Would your family survive without power? Purdue cyber forensics team tests nationwide power grid

WEST LAFAYETTE, Ind. - Should a disaster strike, would we be ready to handle it? A recent study says half the households in America wouldn’t be prepared to stack up against disaster.

A key part of our infrastructure in the U.S. is constantly under attack -- the National Power Grid. Right now, a cyber forensics professor at Purdue University is part of a national team that’s researching how well our country can defend itself.

"The national exercise involves members of Purdue's cyber forensics team,” Purdue graduate student Jake Cambic said. “Their goal is to keep power grid systems like this from falling under attack."

With the roll of a mouse, Kambic sifts through columns of code, looking for hackers trying to break into (in this case) a made-up system.

"What we're looking at here is attack traffic. This is actually from the DOD (Department of Defense) Cyber Crime Challenge," Kambic said.

Kambic and others at Purdue's cyber forensics lab are focused more on the work of their professor, who cannot be contacted. He is in a secure facility in Washington, D.C., with the CIA, FBI and other national security agencies.

They are doing a training exercise too -- one that will help us maintain our electricity-dependent way of life.

"There's a simulation going on called GridEx," Purdue PhD student Eric Katz said.

For the next two days the national team will launch a series of simulated attacks on the U.S. power grid.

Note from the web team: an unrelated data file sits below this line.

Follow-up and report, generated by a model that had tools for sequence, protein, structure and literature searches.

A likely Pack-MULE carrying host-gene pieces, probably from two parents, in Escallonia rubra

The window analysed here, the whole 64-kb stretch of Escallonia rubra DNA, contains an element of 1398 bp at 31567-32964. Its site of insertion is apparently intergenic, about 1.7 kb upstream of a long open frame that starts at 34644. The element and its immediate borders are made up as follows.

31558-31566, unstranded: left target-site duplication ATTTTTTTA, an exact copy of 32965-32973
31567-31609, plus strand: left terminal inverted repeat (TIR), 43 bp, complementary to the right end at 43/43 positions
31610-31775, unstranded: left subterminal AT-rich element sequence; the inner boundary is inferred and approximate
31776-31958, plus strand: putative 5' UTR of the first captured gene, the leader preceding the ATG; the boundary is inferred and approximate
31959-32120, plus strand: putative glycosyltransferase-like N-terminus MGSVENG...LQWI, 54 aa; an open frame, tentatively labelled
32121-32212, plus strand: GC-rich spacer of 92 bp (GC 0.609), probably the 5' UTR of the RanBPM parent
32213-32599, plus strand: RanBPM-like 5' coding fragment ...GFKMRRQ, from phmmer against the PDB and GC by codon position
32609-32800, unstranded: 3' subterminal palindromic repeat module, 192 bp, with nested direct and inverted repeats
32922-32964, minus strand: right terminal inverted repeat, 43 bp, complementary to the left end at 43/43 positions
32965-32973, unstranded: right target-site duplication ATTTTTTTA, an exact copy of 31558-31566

"(It’s) an attempt to see where we're strong, where we're weak and what improvements we can make," Katz said.

The exercise begs the question: How would Hoosiers fare if the grid went down?

Most usually feel confident they can go down to their local convenience store or megastore (Target, Walmart) to get what they need. Homeland Security officials said most people can't get their heads around not being able to do that in a disaster.

The Indiana Department of Homeland Security recently surveyed 2,500 residents. More than half of the respondents admitted to not having three days’ worth of food and water on hand.

Experts said it’s clear: Many Hoosiers simply do not have backup plans for everyday life.

While people consider their families’ preparations, cyber security work continues at Purdue in a constant effort to keep restaurants, hospitals and gas stations open and the grid up and running.

Homeland Security experts recommend Hoosier families store a modest amount of food and water. They also suggest families develop their own disaster or emergency plan.

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